Like consumers of any other product, users of Linux will not have be aware of who had made the specific change unless they make an effort to read the list of changes for each release, thus resulting in the coder being alienated from the product of their labour and the users of the software (Marx, 1959, p. 29), who fetishise (Marx, 1976a, chap. 1) the software over the social relationship which should be prevalent. For each contribution, which results in a small gain in symbolic capital to the coder, Linus takes a smaller gain in those forms of capital, in a way analogous to a business investor extracting surplus economic capital from her employees, despite not having written the code in question. The capitalist investor possesses no particular values, other than to whom and where she was born, yet due to the capital she is able to invest, she can amass significant economic power from the work of others. Over 18 years, these small gains in capital have also added up for Linus Torvalds, and such is now the symbolic capital expropriated that he is able to continue extracting this capital fro Linux, while reinvesting capital in writing code for other projects, in this case ‘Git’ (Torvalds, 2005), which has attracted coders in part due to the fame of its principal architect. The surplus value of the coders on this project is also extracted and transferred to the nominal leader, and so the cycle continues, with the person at the top continuously and increasingly benefiting from the work of others, at their cost.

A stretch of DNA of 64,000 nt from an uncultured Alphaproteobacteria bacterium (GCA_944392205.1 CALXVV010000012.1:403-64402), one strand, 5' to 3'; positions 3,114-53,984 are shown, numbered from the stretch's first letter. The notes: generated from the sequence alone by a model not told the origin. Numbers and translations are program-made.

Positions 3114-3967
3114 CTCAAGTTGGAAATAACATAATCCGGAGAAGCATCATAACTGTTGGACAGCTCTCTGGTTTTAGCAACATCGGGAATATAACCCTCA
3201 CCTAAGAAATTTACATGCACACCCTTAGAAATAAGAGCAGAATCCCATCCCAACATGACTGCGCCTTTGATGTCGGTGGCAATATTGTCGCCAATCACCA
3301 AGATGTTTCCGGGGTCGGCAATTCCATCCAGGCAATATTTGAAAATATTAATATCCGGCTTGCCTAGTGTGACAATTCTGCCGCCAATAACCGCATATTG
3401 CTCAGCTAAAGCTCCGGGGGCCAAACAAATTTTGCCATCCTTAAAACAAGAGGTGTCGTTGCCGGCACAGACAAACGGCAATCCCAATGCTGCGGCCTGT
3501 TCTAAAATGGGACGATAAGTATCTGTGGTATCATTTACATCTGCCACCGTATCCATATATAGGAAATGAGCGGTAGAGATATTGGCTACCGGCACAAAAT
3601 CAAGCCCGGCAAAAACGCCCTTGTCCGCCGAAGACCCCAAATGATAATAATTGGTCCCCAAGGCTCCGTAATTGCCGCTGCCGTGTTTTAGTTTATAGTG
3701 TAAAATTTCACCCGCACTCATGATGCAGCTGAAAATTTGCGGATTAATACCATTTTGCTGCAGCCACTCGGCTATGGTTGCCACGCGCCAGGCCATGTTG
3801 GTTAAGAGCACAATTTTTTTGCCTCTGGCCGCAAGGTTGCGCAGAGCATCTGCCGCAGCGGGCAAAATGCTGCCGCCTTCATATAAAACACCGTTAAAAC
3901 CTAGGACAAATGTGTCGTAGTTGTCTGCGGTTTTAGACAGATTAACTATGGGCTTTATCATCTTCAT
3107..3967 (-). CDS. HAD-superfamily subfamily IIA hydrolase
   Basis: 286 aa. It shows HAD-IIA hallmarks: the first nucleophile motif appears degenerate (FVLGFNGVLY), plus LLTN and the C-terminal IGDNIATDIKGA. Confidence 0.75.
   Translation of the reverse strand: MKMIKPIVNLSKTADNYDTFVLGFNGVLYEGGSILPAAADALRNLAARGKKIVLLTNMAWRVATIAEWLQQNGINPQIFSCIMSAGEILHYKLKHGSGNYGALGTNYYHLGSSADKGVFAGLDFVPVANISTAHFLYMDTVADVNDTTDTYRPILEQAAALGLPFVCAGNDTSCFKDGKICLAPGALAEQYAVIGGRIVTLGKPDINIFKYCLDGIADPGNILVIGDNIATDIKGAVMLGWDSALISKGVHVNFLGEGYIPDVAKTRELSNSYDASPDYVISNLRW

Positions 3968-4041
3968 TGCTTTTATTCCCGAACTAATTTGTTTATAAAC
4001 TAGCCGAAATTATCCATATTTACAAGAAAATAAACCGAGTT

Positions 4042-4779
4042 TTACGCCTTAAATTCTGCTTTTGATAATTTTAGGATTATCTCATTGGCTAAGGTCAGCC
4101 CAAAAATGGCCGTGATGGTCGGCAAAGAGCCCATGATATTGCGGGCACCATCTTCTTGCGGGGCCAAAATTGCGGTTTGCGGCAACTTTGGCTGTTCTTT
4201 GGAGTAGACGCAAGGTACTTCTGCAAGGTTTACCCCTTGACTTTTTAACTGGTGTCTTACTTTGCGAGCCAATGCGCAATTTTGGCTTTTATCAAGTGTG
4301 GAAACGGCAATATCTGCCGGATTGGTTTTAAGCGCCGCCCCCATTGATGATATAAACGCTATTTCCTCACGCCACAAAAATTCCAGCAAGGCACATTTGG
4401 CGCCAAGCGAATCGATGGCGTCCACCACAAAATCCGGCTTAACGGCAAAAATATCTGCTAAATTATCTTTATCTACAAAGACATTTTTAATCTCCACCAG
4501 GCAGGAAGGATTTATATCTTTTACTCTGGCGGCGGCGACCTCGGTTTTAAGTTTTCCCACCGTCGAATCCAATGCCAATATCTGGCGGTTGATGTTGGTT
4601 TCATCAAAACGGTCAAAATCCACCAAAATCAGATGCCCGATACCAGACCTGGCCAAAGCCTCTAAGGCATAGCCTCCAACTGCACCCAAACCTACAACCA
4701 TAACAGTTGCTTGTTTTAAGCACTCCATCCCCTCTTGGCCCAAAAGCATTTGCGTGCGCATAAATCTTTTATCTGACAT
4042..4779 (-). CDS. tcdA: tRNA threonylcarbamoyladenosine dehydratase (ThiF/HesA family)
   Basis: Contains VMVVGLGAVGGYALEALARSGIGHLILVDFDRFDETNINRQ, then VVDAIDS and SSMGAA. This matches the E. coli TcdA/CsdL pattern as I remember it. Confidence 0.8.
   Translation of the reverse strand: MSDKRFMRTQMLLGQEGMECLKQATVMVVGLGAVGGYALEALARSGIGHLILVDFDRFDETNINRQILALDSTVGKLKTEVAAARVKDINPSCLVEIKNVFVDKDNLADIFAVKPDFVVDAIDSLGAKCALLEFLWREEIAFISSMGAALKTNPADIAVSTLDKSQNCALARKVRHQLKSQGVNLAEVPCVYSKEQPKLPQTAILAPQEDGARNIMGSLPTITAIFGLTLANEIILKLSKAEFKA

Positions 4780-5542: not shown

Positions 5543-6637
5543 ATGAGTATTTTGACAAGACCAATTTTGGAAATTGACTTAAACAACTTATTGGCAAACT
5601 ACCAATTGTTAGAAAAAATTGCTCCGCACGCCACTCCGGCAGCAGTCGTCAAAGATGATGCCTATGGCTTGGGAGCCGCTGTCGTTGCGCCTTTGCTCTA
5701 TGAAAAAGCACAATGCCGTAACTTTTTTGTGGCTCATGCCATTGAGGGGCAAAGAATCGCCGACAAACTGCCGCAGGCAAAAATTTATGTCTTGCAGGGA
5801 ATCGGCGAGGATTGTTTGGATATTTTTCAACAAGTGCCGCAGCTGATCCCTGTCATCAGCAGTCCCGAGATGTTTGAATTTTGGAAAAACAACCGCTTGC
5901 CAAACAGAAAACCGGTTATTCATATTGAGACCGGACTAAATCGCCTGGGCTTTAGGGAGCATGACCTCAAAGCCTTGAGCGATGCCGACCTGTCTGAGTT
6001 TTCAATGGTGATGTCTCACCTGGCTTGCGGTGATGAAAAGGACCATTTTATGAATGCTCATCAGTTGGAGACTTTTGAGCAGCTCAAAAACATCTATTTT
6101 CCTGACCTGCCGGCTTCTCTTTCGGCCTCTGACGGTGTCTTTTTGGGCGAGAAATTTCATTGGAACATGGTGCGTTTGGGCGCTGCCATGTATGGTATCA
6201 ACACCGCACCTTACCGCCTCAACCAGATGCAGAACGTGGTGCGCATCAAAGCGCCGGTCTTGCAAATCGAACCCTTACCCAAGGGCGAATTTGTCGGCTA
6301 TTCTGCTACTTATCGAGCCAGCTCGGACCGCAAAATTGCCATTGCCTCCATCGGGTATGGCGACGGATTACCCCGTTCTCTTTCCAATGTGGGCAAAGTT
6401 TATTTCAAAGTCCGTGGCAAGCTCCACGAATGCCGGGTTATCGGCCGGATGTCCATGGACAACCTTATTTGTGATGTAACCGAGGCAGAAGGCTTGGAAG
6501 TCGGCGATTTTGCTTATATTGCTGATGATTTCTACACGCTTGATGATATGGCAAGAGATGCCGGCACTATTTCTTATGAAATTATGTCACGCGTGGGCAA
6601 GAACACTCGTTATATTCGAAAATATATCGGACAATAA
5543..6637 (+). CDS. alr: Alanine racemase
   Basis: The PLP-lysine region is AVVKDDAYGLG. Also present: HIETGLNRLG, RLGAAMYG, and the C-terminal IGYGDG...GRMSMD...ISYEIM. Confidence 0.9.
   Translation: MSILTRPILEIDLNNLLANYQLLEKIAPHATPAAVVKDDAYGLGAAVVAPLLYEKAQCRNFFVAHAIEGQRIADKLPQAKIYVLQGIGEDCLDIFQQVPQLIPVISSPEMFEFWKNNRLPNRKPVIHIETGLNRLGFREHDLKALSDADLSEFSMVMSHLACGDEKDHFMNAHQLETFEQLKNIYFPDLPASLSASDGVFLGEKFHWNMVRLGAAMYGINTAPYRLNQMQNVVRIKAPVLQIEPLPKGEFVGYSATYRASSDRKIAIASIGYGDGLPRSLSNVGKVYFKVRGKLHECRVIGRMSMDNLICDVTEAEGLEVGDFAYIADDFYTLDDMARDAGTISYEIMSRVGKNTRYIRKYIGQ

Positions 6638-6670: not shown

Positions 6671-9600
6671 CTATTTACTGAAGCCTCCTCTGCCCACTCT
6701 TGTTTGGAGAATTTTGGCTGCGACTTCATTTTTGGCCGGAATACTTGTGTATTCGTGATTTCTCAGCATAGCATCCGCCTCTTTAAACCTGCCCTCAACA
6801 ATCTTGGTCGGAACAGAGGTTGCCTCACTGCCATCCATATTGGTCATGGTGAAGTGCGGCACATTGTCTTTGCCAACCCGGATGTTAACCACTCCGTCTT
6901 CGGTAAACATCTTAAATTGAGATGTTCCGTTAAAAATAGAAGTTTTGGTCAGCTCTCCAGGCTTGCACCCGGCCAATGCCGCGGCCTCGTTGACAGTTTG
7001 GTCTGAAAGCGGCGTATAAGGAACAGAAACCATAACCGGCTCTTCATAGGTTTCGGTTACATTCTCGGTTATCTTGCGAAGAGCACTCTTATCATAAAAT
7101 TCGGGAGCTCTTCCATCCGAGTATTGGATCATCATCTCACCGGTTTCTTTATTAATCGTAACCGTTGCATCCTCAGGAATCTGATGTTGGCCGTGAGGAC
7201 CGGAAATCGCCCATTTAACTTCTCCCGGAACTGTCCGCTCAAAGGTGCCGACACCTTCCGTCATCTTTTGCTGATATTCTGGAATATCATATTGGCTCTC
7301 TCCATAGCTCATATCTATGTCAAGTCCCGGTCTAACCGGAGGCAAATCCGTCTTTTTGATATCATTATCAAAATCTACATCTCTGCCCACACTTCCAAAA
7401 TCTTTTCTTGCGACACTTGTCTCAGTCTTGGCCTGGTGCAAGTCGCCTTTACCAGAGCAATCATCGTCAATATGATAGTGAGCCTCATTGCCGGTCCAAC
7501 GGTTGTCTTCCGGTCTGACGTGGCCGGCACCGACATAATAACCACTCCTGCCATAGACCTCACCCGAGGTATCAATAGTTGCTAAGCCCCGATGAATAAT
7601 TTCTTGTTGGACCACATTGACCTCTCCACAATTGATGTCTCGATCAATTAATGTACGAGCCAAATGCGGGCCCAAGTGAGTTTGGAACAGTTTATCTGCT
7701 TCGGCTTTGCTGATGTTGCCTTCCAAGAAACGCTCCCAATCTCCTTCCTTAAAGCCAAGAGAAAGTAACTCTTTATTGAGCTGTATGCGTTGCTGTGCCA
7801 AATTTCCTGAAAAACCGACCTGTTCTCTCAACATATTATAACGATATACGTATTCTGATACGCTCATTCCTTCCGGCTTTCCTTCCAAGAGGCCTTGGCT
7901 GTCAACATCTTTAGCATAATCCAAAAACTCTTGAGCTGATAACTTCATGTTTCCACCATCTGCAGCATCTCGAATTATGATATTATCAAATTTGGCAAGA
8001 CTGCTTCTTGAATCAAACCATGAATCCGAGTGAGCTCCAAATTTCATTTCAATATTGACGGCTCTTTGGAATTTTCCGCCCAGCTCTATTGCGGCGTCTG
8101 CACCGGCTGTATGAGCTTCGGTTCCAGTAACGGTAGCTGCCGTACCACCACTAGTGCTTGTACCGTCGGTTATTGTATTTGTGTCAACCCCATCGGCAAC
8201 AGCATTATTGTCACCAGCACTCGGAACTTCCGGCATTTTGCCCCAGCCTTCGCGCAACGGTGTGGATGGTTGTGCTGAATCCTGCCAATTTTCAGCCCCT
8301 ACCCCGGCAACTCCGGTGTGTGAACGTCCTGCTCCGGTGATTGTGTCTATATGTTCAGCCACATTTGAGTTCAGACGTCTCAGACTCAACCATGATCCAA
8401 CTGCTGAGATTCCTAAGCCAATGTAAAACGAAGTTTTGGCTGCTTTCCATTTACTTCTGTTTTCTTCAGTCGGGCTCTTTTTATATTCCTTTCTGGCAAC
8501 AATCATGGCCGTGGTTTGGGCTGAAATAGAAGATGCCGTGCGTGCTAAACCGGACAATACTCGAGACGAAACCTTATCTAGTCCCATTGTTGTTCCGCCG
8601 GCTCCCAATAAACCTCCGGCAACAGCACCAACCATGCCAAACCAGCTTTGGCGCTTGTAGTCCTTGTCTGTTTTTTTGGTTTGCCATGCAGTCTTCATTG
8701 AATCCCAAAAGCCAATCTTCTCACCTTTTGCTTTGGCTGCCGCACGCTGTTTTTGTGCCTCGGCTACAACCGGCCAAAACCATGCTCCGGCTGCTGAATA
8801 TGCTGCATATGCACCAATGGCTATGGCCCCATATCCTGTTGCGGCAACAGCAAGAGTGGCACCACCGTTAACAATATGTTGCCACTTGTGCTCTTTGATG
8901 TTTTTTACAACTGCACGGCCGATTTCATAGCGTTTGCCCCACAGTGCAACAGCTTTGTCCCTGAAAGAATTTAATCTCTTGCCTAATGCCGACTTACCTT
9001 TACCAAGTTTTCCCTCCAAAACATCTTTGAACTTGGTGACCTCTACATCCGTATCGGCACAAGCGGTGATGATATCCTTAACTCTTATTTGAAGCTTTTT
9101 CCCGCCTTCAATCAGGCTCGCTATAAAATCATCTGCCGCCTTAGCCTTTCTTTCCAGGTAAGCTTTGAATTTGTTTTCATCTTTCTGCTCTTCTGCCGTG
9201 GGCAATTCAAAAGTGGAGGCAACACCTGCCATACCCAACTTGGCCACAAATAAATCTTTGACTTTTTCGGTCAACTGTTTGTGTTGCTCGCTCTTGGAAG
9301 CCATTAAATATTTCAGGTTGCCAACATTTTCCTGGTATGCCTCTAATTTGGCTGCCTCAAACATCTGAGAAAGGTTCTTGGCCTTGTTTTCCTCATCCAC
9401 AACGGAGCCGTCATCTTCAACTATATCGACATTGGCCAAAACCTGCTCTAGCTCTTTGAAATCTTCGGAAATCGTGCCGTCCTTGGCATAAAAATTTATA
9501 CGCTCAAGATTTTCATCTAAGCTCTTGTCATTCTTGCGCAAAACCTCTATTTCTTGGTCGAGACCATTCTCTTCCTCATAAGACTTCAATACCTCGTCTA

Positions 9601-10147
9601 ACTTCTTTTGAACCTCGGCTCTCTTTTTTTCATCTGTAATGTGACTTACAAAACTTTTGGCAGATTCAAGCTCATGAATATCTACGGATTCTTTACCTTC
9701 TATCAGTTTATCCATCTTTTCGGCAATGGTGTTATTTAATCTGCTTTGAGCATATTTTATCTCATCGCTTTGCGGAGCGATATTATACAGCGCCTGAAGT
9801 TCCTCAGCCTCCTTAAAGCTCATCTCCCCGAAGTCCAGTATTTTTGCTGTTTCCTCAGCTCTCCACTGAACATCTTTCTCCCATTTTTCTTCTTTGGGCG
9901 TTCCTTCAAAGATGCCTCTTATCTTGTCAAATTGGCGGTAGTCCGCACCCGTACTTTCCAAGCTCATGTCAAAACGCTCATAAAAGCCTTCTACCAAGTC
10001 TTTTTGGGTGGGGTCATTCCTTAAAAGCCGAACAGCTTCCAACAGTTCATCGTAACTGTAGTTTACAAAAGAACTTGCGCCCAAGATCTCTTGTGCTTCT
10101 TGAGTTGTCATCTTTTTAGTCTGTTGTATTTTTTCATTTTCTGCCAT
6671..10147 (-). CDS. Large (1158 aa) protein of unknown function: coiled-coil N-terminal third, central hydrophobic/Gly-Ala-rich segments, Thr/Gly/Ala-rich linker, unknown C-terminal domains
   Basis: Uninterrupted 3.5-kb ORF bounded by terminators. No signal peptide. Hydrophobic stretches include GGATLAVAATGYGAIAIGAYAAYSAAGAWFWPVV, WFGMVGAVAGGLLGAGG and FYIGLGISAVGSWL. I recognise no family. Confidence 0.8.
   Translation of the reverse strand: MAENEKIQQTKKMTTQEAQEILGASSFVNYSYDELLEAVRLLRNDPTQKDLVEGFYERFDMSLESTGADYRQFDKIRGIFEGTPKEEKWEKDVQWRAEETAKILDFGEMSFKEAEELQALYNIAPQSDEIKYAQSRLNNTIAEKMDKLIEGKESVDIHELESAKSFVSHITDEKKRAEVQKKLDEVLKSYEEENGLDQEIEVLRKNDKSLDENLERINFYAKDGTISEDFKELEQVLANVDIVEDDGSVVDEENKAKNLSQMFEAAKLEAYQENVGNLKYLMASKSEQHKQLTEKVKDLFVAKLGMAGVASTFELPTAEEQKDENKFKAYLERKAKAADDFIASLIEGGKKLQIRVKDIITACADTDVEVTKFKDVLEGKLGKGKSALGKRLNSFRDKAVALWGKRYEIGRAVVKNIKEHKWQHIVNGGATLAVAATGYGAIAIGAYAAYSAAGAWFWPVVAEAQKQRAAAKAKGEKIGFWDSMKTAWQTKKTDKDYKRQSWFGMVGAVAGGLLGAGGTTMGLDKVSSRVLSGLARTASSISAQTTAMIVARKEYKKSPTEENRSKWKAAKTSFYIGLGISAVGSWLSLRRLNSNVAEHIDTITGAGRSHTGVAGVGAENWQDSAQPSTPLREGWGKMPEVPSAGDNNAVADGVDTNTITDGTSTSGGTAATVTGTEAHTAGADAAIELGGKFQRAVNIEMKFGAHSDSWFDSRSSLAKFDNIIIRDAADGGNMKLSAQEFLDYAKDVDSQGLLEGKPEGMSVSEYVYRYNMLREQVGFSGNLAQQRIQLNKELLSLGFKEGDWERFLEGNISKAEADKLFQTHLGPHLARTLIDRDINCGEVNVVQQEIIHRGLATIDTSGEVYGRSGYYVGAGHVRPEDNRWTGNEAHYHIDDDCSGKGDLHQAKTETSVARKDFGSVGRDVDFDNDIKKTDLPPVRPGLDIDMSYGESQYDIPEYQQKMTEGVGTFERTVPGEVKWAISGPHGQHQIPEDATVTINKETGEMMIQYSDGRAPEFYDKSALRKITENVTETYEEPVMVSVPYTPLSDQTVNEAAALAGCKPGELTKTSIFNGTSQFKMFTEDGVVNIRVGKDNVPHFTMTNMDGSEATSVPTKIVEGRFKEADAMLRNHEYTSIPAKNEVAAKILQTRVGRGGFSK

The different forms of capital can readily be exchanged for one another. As such, Linus has been offered book contracts (Torvalds, 2001), is regularly interviewed for a range of publications (Calore, 2009; Rivlin, 2003), has gained jobs at high prestige technology companies (Martin Burns, 2002), and been invited to various conferences as guest speaker. The other coders on the Linux project have also gained, through skills learned, social connections and prestige for being part of what is a key project in free software, although none in the same way as Linus.